Ever since I watched the Abraham Lincoln Biopic ‘Lincoln’ a few months ago I have been enamoured with the man that was the sixteenth president of the United States. Whilst I am still to read his autobiography I have made it my business since to read up as much as I can on the man from what is available online. His greatest legacy is that under his presidency the United States abolished slavery. Abraham Lincoln was a man of great conviction, a humanitarian, forward thinker, revolutionary, a political genius and a great leader.
The biopic itself covers the American civil war in which Lincoln a Republican was fighting the Southern states over his proposition to emancipate African slaves in the United States. Lincoln despite fierce resistance from within his own party as well as the South managed to convince the House of Representatives to vote to abolish slavery. One of the ways he was able to achieve this was through the many letters he wrote to Generals and Senators. Lincoln was a letter writer of note and some of his letters where the highlight of the biopic for me. As such in my reading up on Lincoln’s legacy I have been partial to the letters he wrote in his life time.
One of my favourite letters is one he once wrote a letter to his son’s teacher. Although this letter was written over a hundred years ago, it is not imprisoned by the past. It reads as if it was written just yesterday. The letter reads as follow:
“He will have to learn,I know, that all men are not just, all men are not true. But teach him also that for every scoundrel there is a hero: that for every selfish politician, there is a dedicated leader.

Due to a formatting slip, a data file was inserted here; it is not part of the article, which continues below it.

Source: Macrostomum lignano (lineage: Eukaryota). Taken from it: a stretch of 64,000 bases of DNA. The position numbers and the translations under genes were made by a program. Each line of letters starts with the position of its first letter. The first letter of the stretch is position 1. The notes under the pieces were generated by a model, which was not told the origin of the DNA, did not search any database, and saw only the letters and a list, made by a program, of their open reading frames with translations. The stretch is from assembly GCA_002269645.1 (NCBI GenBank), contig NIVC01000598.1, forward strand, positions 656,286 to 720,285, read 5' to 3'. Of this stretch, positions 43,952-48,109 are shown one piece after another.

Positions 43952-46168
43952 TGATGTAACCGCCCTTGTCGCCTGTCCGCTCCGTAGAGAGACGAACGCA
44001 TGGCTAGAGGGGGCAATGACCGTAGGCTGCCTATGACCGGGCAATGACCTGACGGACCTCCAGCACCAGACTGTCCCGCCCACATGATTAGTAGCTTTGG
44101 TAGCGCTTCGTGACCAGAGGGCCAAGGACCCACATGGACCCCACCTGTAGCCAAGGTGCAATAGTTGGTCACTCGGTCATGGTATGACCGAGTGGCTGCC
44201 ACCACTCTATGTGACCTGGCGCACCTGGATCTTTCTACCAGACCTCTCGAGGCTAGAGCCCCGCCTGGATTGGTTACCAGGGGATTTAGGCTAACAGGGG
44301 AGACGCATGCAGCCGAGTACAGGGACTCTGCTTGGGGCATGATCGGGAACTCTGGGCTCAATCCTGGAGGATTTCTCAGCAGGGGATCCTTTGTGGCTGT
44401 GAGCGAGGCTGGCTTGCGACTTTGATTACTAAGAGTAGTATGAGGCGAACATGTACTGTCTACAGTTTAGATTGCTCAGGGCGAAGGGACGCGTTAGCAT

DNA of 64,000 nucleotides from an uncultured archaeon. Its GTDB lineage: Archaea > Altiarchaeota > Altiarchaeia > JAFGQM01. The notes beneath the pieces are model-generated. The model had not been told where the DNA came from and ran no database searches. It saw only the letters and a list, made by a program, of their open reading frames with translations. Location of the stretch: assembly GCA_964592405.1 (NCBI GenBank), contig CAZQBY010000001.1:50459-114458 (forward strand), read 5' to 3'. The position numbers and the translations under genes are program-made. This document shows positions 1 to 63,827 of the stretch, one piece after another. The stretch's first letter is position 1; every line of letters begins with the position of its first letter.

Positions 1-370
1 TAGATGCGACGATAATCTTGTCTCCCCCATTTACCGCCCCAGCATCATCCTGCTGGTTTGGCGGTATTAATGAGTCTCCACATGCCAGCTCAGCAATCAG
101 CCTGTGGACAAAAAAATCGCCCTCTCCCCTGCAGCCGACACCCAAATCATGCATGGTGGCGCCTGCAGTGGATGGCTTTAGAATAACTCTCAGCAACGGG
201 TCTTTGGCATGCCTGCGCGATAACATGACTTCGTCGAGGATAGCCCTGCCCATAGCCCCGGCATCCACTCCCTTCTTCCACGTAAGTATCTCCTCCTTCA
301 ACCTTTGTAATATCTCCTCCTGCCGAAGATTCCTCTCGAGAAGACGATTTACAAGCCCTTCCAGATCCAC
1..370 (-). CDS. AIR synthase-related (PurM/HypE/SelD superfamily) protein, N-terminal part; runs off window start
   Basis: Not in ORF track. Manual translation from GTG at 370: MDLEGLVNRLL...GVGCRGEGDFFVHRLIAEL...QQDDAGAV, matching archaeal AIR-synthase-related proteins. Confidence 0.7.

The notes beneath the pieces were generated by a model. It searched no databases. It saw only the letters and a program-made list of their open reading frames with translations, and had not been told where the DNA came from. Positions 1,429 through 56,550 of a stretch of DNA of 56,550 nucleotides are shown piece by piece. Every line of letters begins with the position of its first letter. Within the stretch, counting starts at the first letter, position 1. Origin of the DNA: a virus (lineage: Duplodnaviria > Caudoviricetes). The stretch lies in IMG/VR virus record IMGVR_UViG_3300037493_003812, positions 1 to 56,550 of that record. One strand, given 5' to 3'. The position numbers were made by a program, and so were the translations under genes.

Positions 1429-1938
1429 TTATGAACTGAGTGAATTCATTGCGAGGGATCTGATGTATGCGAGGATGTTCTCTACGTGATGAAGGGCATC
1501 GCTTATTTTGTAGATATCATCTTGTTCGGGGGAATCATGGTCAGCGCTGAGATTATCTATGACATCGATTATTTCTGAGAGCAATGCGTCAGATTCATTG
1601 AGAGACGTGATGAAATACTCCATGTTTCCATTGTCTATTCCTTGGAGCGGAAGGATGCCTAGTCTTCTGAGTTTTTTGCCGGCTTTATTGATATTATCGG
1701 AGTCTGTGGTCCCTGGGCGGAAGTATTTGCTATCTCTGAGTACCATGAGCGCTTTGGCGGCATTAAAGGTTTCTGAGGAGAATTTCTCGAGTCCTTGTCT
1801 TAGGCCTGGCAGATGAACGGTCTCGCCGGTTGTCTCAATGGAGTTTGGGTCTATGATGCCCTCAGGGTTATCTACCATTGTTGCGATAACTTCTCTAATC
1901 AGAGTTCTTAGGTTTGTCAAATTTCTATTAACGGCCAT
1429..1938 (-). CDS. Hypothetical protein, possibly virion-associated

Teach him that for every enemy there is a friend. It will take time, I know – a long time, but teach, if you can, that a dollar earned is of more value than five of found.
Teach him, to learn to lose. And also to enjoy winning. Steer him away from envy, if you can; teach in the secret of quiet laughter.
Teach him, if you can the wonder of books. But also, given quiet time, wonder the eternal mystery of birds in the sky, bees in the sun, and flowers on the green hillside.
In a school, teach him, it is far more honorable to fail than to cheat.
Teach him to have faith in his own idea, even if anyone else tells him they are wrong.
Teach him to be gentle with gentle people and tough with tough.
Teach him to listen to all men. But teach him also to filter all he hears on a screen of truth, and take only the good one that comes through.
Teach him, if you can, how to laugh when he is sad. Teach him there is no shame in tear.
Teach him to sell his brawn and brain to the highest bidder but never to put a prize tag on his heart and soul.
Teach him gently, but do not cuddle him, because only the test of fire makes the fine steel.
Teach him always to have sublime faith in himself because then he will always have some sublime faith in mankind.
These are big orders, but see what you can do. He is such a fine fellow, my son…”